More than 10,370 parents were questioned as part of the Dubai Schools Inspection Bureau latest report.
Schools get thumbs-up from parents
DUBAI // Almost all the parents of public school pupils in the emirate polled in a survey say their children are receiving a good or outstanding quality of education.
More than 10,370 parents responded to questions about the work and progress of their children in the Dubai Schools Inspection Bureau (DSIB) report.
More than 90 per cent said their children were achieving academically and the school looked after their welfare, health and safety.
And while the report pointed to a poor level of performance in boys' schools and a restricted curriculum, the satisfaction of parents was found to be high.
This was echoed last month in a report by the Abu Dhabi Gallup Center entitled Progress and Tradition in the GCC States. Eighty-four per cent of Emirati respondents told Gallup they were satisfied with the education system.
Khadeeja Yaqoub, an Emirati mother whose daughter is at Nad al Hamar School, said her daughter had a lot of opportunities to develop skills.
"The school focuses on activities and offers workshops on cooking and sewing," she said.
The school received a good rating in inspections this year. It received high points for pupils' outstanding behaviour and the positive student-teacher relationship.
Ms Yaqoub's 13-year-old daughter, Eman, agreed: "The teachers are very understanding and keep us engaged through activities."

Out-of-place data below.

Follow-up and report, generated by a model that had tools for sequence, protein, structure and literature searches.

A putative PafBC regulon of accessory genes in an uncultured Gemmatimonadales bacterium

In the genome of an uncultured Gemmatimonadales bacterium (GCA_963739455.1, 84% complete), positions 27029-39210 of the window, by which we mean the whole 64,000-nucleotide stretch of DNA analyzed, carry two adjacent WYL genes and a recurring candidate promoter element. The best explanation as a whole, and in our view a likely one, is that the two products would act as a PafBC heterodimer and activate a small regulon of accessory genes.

However, the school has been asked to address the pupils' weakness in numbers and multiplication tables. Teachers said they had spared no effort to follow the recommendations.
Asia Khamis, a teacher at Hind bint Maktoum School, said regular training sessions in new teaching methods had helped immensely.
"We are doing things differently now and make lessons interesting through field trips," she said.
"We have also started using computer programmes, which excites them."
Noura al Saif, the principal of Um Suqaim Primary School, which was ranked outstanding, said the school was constantly looking for ways to improve. "One of the main challenges for the pupils is English language skills, which we have overcome by improving teaching quality and resources," she said.
The inspectors' report still recommended that the school provide more opportunity for pupils to develop their writing skills and foster independent investigation.
Maths skills, in which most public schools pupils lagged, were being addressed through online quizzes and competitions, said Najwa Hassan, who teaches the subject at a public high school in Dubai.
"But such resources to accompany the textbook material are hard to find," she said. "So it is necessary that the ministry develop them and help find them."
* With additional reporting by Amna al Haddad